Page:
startTime      scalar {0.0}           Simulation start time
endTime        scalar {100}           Simulation end time
deltaT         scalar {1.0}           Time step size
maxDeltaT      scalar {0.1}           Maximum time step size
maxCo          scalar {0.5}           Maximum Courant number
writeInterval  scalar {100}           Solution output write interval
purgeWrite     scalar {0}             Specified number of output solutions
transportModel string {Newtonian}     Transport model
simulationType string {laminar}       Simulation type laminar/RAS/LES
RASModel       string {kEpsilon}      RAS turbulence model
LESModel       string {Smagorinsky}   LES turbulence model
nu             scalar {1.0}           Kinematic viscosity (constant)
interp         true                   Interpolate solution to grid points
casedir        default                OpenFOAM case directory
foamdir        default                OpenFOAM installation directory
logfname       featool-openfoam       OpenFOAM log/output filename
logfid         1                      Log file/message output file handle
tolres         1e-5                   Stopping criteria for initial residuals
clear          boolean {true}         Clear output and log files


Note that the OpenFOAM solver binaries are not included with the FEATool distribution and must be compiled and installed separately.

For Microsoft Windows systems it is generally recommended to install and use the pre-compiled blueCFD-core (2017) binaries from blueCAPE http://bluecfd.com/Core. For Ubuntu Linux OpenFOAM can be installed with the apt-get package manager

sudo add-apt-repository http://dl.openfoam.org/ubuntu
sudo sh -c "wget -O - http://dl.openfoam.org/gpg.key | apt-key add -"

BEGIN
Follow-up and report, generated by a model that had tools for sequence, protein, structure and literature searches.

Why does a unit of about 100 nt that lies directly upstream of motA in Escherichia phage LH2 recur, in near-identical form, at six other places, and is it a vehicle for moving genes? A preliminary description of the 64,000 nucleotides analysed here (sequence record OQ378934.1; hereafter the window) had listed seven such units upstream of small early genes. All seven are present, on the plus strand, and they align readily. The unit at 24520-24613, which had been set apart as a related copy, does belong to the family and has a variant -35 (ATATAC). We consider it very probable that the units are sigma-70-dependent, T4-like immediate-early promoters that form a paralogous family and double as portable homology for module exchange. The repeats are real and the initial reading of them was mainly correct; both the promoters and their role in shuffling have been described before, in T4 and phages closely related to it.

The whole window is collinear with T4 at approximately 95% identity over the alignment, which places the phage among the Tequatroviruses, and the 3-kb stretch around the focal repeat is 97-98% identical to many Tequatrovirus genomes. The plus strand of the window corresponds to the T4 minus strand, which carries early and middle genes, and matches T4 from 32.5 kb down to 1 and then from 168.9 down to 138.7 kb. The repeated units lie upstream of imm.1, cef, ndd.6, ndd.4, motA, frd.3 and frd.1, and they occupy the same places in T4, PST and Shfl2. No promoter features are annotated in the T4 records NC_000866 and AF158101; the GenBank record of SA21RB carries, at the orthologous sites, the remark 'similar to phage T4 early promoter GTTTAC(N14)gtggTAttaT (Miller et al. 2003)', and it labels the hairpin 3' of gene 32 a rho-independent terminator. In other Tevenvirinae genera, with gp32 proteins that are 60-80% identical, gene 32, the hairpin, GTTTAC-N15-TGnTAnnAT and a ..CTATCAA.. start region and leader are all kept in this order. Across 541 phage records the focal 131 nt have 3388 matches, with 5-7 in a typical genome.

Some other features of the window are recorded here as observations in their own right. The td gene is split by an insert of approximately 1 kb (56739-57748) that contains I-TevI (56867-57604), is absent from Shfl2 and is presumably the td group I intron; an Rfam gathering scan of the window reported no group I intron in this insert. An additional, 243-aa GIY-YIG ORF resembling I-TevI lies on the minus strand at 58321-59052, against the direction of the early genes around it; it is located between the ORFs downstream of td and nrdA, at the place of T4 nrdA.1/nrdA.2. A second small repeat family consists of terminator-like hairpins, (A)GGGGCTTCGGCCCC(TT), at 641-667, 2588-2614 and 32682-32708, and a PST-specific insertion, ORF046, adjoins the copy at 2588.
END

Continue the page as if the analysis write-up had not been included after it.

sudo apt-get update
sudo apt-get -y install openfoam5

For other systems, please follow the installation recommendations from the official OpenFOAM website http://openfoam.org.

The FEATool openfoam function will attempt to call the OpenFOAM solver binaries simpleFoam and pimpleFoam through the use of the openfoam.sh and openfoam.bat shell script which may be modified to suit the users need (which can be found in the openfoam folder).


The following limitations currently apply to the OpenFOAM solver.

  • Single Navier-Stokes physics mode
  • Single geometry object with one subdomain
  • Constant density and viscosity
  • Constant initial conditions
  • Constant velocity/pressure boundary conditions

Advanced Usage

The OpenFOAM solvers are capable of performing large scale simulations, and although technically possible to use FEATool to do this, for memory and stability reasons it is not advised to do this from within Matlab or Octave.

For large scale simulations then it is instead recommended to first export a FEATool model with the openfoam export command. This will generate corresponding OpenFOAM case files. Then one can manually launch the OpenFOAM solver the system command line, and possibly manually import the solution when the solution has finished (consult the OpenFOAM documentation for a full explanation how to use OpenFOAM as a stand alone solver).


An example of setting up and solving a flow over a backwards facing step problem using the OpenFOAM external solver is given in the tutorial section Fluid Dynamics - Flow Over a Backwards Facing Step.

FEniCS General FEA Solver

FEniCS is a flexible and comprehensive finite element FEM and partial differential equation PDE modeling and simulation toolkit with Python and C++ interfaces along with many integrated solvers. As both FEATool and FEniCS discretize equations employing a weak finite element formulation it is quite straightforward to translate FEATool syntax and convert it to FEniCS Python scripts. Similar to what has been done with the OpenFOAM CFD solver the FEATool-FEniCS integration allows for easy conversion, exporting, solving, and importing FEATool Multiphysics models to FEniCS directly from the GUI, as well as the Matlab and Octave command line interfaces.